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I've been looking through the PRISM 2 samples for ideas about how to best approach a new application I'm working on, which will be a PRISM 2/WPF app. Looking in particular at the View Injection sample application that ships with PRISM I've noticed that all of the views implement an interface which allows the presenter (or ViewModel) to interact with the View.

In the past I've done this the opposite way round, I inject the presenter into the view so that the view can directly call to methods on the presenter a bit like this:

    public partial class SomeView : ModuleBase
    {

        private ISomePresenter _somePresenter;

        public SomeView (ISomePresenter somePresenter):this()
        {
            // Give the view a reference to the presenter
            _somePresenter = somePresenter;
            // Bind the View to the presenter
            DataContext = _somePresenter;
        }

    private void btnSubmit_Click(object sender, RoutedEventArgs e)
    {
        // The view can call actions directly on the presenter (OK I should probably use a command for this)
        _somePresenter.SomeAction();
    }
}

The technique above seemed reasonable enough to me, but looking at the samples I'm starting to question the approach. Does anyone have views (no pun intended) on the best way to go about this?

  • Add the presenter to the view and get the view to interact with the presenter
  • Add the view to the presenter and get the presenter to interact with the view
  • Something totally different that I haven't thought of yet?
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2 Answers 2

up vote 2 down vote accepted

I think it's all a matter of taste. Personally, I enjoy the way you see it in samples you are looking at. IView has one method, thats SetViewModel(...). IViewModel has a property called View of type Object, that essentially returns the DI instantiated IView.

The reason I like this way is I almost always want to create a ViewModel first and I want nobody in the code to be able to do anything with my IView, except get reference to the instance (for view injection or binding the view to say a ContentControl), which is why its of type object. If any code needs to talk to the View, for me, it's always via the VM...and even then the view gets updated usually via binding. It would feel odd to go from the View->ViewModel->UpdateBinding->View, than it is, VM->UpdateBinding->View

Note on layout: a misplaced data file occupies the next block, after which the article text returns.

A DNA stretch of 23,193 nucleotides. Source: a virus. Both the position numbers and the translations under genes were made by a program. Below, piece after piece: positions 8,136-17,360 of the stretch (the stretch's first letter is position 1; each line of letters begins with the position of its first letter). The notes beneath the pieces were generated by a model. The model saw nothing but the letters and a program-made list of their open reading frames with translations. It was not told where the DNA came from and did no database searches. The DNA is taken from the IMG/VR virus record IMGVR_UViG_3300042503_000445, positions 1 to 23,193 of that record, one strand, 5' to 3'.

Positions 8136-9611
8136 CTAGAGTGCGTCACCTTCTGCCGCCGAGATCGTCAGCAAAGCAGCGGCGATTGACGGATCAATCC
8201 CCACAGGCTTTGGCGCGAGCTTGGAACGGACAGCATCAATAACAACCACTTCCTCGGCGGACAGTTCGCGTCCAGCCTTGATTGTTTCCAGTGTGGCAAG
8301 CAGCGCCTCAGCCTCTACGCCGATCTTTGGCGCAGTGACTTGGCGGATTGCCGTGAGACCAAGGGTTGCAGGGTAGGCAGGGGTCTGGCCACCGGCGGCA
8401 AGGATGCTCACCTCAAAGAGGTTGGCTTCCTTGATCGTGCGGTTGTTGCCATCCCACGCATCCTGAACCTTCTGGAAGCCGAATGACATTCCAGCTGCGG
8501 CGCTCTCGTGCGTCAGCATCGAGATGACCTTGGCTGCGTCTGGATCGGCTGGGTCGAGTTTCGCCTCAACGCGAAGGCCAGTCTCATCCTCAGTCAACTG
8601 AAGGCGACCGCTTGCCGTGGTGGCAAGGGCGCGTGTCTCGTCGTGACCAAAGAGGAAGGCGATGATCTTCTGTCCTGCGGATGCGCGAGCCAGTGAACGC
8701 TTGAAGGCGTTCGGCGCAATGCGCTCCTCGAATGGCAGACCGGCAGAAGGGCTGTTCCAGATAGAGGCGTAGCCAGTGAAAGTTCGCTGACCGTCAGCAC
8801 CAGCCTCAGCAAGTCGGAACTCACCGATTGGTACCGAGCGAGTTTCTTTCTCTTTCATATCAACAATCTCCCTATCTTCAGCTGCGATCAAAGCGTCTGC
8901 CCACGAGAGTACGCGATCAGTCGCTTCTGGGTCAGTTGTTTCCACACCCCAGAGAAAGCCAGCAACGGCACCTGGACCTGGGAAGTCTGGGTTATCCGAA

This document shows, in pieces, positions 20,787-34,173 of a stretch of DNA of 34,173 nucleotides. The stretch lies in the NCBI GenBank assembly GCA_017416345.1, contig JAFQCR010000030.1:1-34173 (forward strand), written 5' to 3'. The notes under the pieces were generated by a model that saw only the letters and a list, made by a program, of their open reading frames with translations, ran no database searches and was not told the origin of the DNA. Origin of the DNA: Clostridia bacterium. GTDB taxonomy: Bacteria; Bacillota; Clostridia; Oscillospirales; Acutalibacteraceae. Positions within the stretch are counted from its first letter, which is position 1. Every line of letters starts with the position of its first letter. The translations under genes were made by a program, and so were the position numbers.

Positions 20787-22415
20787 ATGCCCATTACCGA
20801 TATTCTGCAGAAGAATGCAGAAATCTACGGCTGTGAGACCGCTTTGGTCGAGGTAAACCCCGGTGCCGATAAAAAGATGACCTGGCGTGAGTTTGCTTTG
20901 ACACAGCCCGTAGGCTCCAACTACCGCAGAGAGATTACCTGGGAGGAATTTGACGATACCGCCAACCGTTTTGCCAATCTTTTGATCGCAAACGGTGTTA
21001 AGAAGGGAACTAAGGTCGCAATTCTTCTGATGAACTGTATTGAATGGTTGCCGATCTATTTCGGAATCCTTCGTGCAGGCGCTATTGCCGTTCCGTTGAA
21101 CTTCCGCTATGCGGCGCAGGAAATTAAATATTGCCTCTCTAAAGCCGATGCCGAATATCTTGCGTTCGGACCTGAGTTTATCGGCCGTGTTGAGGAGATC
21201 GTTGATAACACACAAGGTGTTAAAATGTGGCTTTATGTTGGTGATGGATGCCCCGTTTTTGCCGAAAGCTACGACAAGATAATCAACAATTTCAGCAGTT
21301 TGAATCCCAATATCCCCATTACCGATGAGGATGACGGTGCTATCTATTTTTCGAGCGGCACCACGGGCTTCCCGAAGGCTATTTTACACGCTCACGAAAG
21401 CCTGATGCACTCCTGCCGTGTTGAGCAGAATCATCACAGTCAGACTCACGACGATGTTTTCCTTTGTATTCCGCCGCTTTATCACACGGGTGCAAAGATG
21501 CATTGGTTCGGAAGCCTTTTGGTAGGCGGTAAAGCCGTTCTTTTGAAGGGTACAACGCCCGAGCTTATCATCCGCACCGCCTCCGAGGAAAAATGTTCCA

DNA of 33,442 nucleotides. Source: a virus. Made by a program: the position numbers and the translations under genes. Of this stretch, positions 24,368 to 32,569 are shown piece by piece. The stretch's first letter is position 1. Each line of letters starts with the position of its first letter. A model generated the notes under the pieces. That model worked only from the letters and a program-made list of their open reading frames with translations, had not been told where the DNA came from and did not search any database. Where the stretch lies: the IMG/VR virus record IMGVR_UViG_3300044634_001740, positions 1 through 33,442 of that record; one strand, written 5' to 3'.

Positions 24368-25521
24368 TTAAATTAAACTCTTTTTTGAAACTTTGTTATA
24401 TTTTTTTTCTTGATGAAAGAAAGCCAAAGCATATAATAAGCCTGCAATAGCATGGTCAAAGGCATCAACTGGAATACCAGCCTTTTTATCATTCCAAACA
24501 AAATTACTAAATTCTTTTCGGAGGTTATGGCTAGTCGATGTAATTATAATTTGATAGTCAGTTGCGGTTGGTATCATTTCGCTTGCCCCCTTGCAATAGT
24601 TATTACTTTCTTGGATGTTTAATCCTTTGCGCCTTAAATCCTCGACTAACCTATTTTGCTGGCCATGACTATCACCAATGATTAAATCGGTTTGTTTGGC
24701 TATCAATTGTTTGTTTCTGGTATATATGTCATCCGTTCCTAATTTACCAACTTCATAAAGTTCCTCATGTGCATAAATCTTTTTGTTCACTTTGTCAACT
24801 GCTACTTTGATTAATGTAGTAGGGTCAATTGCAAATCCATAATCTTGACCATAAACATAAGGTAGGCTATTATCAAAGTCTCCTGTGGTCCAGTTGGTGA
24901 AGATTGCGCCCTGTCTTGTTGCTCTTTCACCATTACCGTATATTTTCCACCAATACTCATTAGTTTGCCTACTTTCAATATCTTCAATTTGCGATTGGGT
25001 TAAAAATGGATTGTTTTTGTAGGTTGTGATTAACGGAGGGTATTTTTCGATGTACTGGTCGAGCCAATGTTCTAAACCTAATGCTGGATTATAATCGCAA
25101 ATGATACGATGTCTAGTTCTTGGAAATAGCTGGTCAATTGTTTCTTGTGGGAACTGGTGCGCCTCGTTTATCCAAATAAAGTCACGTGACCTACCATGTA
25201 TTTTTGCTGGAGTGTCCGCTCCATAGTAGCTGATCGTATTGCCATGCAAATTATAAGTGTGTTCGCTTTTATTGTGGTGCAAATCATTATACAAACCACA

To answer the question, I generally don't need a reference to the presenter in the codebehind. Usually I can handle that with commands from the view being bound to the VM. In some cases, you might want to keep reference to the presenter to do what you have in your example, but it is avoidable given the correct toolset (makes SL harder that it doesn't have built in commands).

Like I said, it's all a matter of taste...

-Jer

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The most common approach to map a ViewModel to a View in MVVM is to use a DataTemplate :

<DataTemplate DataType="{x:Type vm:SomeViewModel}">
    <v:SomeView />
</DataTemplate>

When you display a ViewModel instance in a ContentControl or ItemsControl, WPF will automatically instantiate the appropriate View for the ViewModel, and set the View's DataContext to the ViewModel instance.

That way, you don't have any reference to the View in the ViewModel, and the View only references the ViewModel through the DataContext property. In case you really need to access the ViewModel in the View's code-behind, you can always cast the DataContext (but this implies that the View knows about the ViewModel's actual type, which induces coupling)

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I was wondering about this lately. I almost exclusively use DataTemplates and it started to feel to me that the DataTemplate is the view. This implied that specifying the DataType parameter couples the view to the view model. I don't have a problem with this type of coupling, but it went against a sentence in the Prism4 doc which states: "Similarly, the view should ideally not depend on any specific implementation of a view model." To me the view is the throw away portion and could at any time get replaced by another view. Having it coupled to the view model therefore is acceptable. –  Christo Apr 25 '11 at 15:09

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